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Summary: God wants everyone to see and share his wisdom. Sometimes we can’t see that Christ came for everyone and can use everyone. We need to share our gifts and burdens just like Christ shared himself with everyone-both Jews and Gentiles.

Well, Christmas is almost over for another year. For most of us the holidays are over and our lives get back to normal this week. Children will be going back to school, people will be going back to work, family and friends will be going home (if they haven’t gone home already), and we will be settling back into our normal routines.

There is one more part of Christmas to come, and that’s why I said that Christmas is almost over. There is one more gift for all of us, and today-the Feast of the Epiphany-we receive that gift. That gift is the fact that Jesus came for all of us-both Jews and Gentiles. This concept is represented in the visit of the Magi, which we heard in Matthew 2:1-12, but it is also represented in the legendary story of the fourth wise man-a man named Artaban.

As he journeyed with his friends, Caspar, Melchior, and Balthazar, he became separated from them. He never made it to Bethlehem. For many years he sought the Christ Child and in the process had many adventures and assisted many people, including dying beggars and frightened mothers, to whom he gave two of the three great jewels he had originally planned to give to Jesus. He even traveled to Egypt, hearing that Jesus and his parents had gone there, but was again frustrated in his quest. Now, after 33 years of searching he arrived in Jerusalem, hoping at last that he might find the child.

At Passover time, Artaban, now an old man, noted an unusual commotion and inquired about its cause. People answered him, "We are going to the place called Golgotha, just outside the walls of the city, to see two robbers and a man named Jesus of Nazareth, who are being crucified on crosses. The man Jesus calls himself the Son of God, and Pontius Pilate has sent him to be crucified because he claims to be the king of the Jews."

Artaban knew instinctively that this is the king he had been searching for his whole life. Thus, he rushed to the scene. On the way he encountered a young girl being sold into slavery. She saw his royal robes and fell at his feet pleading with him to rescue her. His heart was moved and he gave away the last jewel for her ransom. Just then, darkness fell over the land and the earth shook, and great stones fell into the streets. One of them fell upon Artaban, crushing his head.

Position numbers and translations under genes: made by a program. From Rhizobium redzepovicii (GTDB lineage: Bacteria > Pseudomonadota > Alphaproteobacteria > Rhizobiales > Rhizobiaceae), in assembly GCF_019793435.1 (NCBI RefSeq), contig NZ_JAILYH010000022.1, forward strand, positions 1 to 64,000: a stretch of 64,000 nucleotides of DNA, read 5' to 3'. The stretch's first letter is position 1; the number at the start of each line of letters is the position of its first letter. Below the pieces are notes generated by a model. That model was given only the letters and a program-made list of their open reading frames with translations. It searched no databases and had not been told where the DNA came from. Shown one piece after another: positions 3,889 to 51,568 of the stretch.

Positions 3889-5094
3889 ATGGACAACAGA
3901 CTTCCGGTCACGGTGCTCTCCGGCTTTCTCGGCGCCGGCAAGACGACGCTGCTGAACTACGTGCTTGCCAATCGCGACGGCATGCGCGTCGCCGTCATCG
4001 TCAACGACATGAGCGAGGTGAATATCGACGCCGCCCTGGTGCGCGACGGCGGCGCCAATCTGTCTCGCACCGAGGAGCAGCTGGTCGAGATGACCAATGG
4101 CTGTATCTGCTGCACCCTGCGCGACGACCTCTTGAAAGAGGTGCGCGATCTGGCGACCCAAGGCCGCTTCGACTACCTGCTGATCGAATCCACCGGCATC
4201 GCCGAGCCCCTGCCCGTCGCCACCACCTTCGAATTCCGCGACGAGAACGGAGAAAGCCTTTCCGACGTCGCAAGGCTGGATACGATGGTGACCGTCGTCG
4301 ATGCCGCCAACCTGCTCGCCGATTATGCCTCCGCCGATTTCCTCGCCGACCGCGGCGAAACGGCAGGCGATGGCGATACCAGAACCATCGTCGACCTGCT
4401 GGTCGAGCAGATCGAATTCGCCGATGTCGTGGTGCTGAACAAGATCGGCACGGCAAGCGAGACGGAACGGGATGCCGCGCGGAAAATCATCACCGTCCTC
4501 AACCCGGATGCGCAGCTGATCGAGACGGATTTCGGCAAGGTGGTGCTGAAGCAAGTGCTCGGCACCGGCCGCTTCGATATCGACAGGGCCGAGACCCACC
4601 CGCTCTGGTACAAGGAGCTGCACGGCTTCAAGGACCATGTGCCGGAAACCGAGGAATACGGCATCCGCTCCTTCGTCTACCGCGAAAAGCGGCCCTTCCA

As he lay dying in the arms of the girl he had just ransomed, he cried out in a weak voice, "Three and thirty years I looked for thee, Lord, but I have never seen thy face nor ministered to thee!" Then a voice came from heaven, strong and kind, which said, "Inasmuch as you did it to one of the least of my brothers or sisters, you did it to me." Artaban's face grew calm and peaceful. His long journey was ended. He had found his king!

This popular story powerfully presents the Epiphany message. The three magi of whom Saint Matthew speaks in his gospel brought their gifts of gold, frankincense, and myrrh, recognizing Jesus as priest, prophet, and king. Additionally, their presence in Bethlehem demonstrated how Christ was manifest to the nations. In a similar way, Artaban's adventure showed that Christ calls us to manifest his glory to all nations. Artaban's goodness and openness to all, even those he did not know, brought the face of Christ, namely the one he sought, to him. Additionally, those to whom he came, the poor and destitute, became Christ to him. Without realizing it, all his life he had been achieving his goal, to see the Christ Child. We, in turn, are challenged to be Christ to others; we must be ambassadors of the Lord.

God came to us in the form of Jesus so that we could come back to him. When we come to Christ, we are adopted into his family. We are also freed from the bondage of sin. That freedom has a purpose, which is being part of God’s plan for our lives. Our lives and the paths we take in life matter to God. We are to remember this when our lives seem aimless and without direction.

The church was unknown in the Old Testament and the Gospels. It wasn’t fully revealed until the events in Acts 2 occurred, especially the events that happened on the Day of Pentecost. It was not fully explained until Paul began his mission. The heart and soul of the mystery of the church is that Jews and Gentiles are joined into one body. The Gentiles are fellow heirs with the Jews, fellow members of God’s household, and fellow partakers of the promise of salvation for everyone. This process started with the visit of the Magi, but it was not fully realized until Peter preached to and baptized the Roman centurion Cornelius and his family.

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